Poor Henry. He was wracked with grief and misplaced guilt when finally she passed. The grief was right and natural, but the guilt was for having failed to satisfy our mother's unholy request. And when, at her grave side, he spoke so rashly of his own ultimate end, I knew that these powerful emotions were influencing his words. Still, they persisted to weigh heavily on my soul and in the years following, it became ever clearer to me what I should do if ever he became ill.

Fates would need interfere in my plans though, for I was the one to fall prey to the forces of disease. A tumor grows within me for which no physician can offer ought. I know full well that it is within the power of God on high to remove this affliction from me. But now I understand that it came to me when it did, so that I would be allowed to suffer here, on Earth, some of the penance that is my due for the sin that I have since committed, and of which I have now repented and been absolved, even though its incumbent civil penalty has yet to be paid.

The method by which my offense was committed matters little, now that it is done and soon to be redressed. Yet, lest any should, in the future, doubt my sanity and the reasons for which I acted, I will provide a brief account.

Following pronouncements on my condition by two independent doctors of the medical arts, I passed some days in prayer and meditation. I was at peace with all men and felt naught to hinder my exit except for that one statement spoken so many years before by my dear Henry. I could not bear to pass on to the next realm without first having dissuaded him from ever damning himself through the act of suicide. The doubt that assailed me, day on day and night on night, was that even should I succeed in obtaining a satisfactory promise from him prior to my own death, later, when he was suffering in mortal agonies at some distant day, he might recant and take relief through a death by his own hands. This I could not bear.

At the time of our next meeting therefore, I prepared the bread and soup of our childhood, such as I often provided when he joined me to sup. When we had finished, and he was in a second cup of his ale (a vice that I can neither absolutely condemn nor condone), I told him of my disease. He looked stricken, genuinely with grief, and he bade me accompany him on the following day to visit his physician, a man of great repute. I assured him that I was prepared to embrace the cup that God had given me and that I was eager to meet my Creator and Savior. Henry was kind. He suppressed the usual sarcasm with which he was wont to meet such expressions and instead he raised handkerchief to eyes and wiped away tears. Then he began to cough.

The venom was slow to act, and I had poured only a minimally sufficient dose into his tankard. Still, its effect was certain. For some minutes, Henry staggered about the room and made as though to clear an obstruction from his larynx. A deep ruddiness enveloped his features and he clutched at his throat. Soon he could not draw breath even to cough and he collapsed into his chair. A sustained spasm took his entire body and then his plethoric mask relaxed to complete pallor. The rigidity of his body melted, as though he slept, and only his eyes retained the least hint of life.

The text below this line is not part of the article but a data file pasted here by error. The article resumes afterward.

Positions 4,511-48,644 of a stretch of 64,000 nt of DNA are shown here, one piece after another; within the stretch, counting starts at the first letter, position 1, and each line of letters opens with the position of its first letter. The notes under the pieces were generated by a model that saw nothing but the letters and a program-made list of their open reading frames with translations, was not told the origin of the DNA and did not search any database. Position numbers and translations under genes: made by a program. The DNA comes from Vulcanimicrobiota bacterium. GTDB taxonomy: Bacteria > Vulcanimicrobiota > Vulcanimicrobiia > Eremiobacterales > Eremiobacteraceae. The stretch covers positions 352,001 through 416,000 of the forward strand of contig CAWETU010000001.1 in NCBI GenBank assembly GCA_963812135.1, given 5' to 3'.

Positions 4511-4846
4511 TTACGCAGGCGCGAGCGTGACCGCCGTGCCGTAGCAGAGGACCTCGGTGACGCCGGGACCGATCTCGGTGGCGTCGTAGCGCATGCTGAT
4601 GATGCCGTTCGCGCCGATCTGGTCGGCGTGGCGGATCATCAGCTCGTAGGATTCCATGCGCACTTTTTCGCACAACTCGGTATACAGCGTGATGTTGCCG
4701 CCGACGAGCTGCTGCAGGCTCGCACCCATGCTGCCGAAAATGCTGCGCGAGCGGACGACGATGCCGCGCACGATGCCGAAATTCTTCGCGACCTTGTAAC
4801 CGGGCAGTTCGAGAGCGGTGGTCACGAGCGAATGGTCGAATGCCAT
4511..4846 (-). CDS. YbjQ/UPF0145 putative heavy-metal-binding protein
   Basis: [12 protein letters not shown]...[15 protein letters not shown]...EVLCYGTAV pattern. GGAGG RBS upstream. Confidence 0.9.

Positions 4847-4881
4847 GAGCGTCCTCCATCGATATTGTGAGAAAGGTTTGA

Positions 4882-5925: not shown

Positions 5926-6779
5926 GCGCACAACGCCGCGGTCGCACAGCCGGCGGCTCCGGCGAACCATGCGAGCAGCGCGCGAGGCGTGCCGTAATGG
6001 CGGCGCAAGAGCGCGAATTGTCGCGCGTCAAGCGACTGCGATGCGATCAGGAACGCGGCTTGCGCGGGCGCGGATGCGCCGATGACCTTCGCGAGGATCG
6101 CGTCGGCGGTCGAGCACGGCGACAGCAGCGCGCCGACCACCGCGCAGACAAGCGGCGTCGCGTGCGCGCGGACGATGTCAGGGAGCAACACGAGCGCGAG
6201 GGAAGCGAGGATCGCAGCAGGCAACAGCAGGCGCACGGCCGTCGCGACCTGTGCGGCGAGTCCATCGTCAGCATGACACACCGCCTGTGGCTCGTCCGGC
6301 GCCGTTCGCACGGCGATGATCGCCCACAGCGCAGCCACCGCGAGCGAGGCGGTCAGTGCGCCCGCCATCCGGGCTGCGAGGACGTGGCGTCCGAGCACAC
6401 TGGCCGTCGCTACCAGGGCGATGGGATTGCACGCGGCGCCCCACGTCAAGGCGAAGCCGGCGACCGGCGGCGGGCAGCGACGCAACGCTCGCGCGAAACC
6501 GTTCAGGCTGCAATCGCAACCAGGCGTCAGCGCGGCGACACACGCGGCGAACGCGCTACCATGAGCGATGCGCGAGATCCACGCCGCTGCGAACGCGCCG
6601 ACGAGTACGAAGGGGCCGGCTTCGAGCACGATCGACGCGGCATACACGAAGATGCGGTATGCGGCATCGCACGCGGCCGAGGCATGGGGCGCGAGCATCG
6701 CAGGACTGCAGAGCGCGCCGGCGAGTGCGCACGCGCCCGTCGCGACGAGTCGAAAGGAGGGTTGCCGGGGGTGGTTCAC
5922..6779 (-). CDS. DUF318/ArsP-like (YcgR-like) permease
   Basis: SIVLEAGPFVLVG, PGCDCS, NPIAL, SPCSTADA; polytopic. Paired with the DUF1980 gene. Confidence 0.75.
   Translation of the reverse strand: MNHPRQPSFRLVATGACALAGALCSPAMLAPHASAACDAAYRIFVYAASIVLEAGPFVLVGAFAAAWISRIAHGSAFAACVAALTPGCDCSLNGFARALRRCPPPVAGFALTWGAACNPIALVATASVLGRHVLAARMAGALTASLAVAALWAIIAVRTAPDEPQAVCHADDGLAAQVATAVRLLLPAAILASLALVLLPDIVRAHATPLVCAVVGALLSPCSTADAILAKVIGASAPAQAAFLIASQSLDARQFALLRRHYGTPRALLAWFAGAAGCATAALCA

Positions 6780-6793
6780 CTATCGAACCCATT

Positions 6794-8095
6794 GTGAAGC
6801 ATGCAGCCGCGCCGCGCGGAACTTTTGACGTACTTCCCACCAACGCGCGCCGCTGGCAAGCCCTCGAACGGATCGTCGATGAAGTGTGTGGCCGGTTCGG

I knelt beside Henry's chair and took his right hand in both of mine. We prayed, he and I. He with his heart and I with my voice, as his soul ascended, free of the sin that he had openly contemplated for so many years. I prayed both for him and for myself. I acknowledged the egregiousness of my crime, called myself a murderer before my God and Maker, and gave myself to His mercy. And in those moments, while the life drained from the body of my dear brother, I received that greatest gift of all -- the forgiveness of sins and the renewed welcome to the arms of my Lord and Savior.

So here I sit, on my last morning, content with the sentence that has been passed and ready to accept, a few months earlier than nature would have ordained, the conclusion of my earthly life. I go now to join those that I have loved best throughout my life: my God, my mother, and my dear, redeemed brother.

(about my timed writing exercises)

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Countdown to Clarion West

I am delighted to announce that I will be participating in the 2012 Clarion West Writers Workshop, taught this year by Mary Rosenblum, Stephen Graham Jones, George R.R. Martin, Connie Willis, Kelly Link and Gavin Grant, and Chuck Palahniuk.

It begins on June 17th. To help me contain my excitement and mark the passage of time, I have re-instituted my daily writing exercises. I started up again on May 16th, and I will continue through June 15th, posting them here as I go.

My prompts for this round are phrases found on page one-hundred of a book selected from the household collection of literary fiction. I choose each day's book by the roll of a die. I roll it three times and add the product of the first three rolls to the product of the last two rolls and then count from the upper left corner of the bookcase, through the many shelves, sometimes onto the next case, until I reach the designated number.

As always, I'd be delighted to hear your responses to these rag-tag bits of story seeds. If there are any that particularly captivate or inspire, be sure to let me know, as I'll move them up the queue for further development.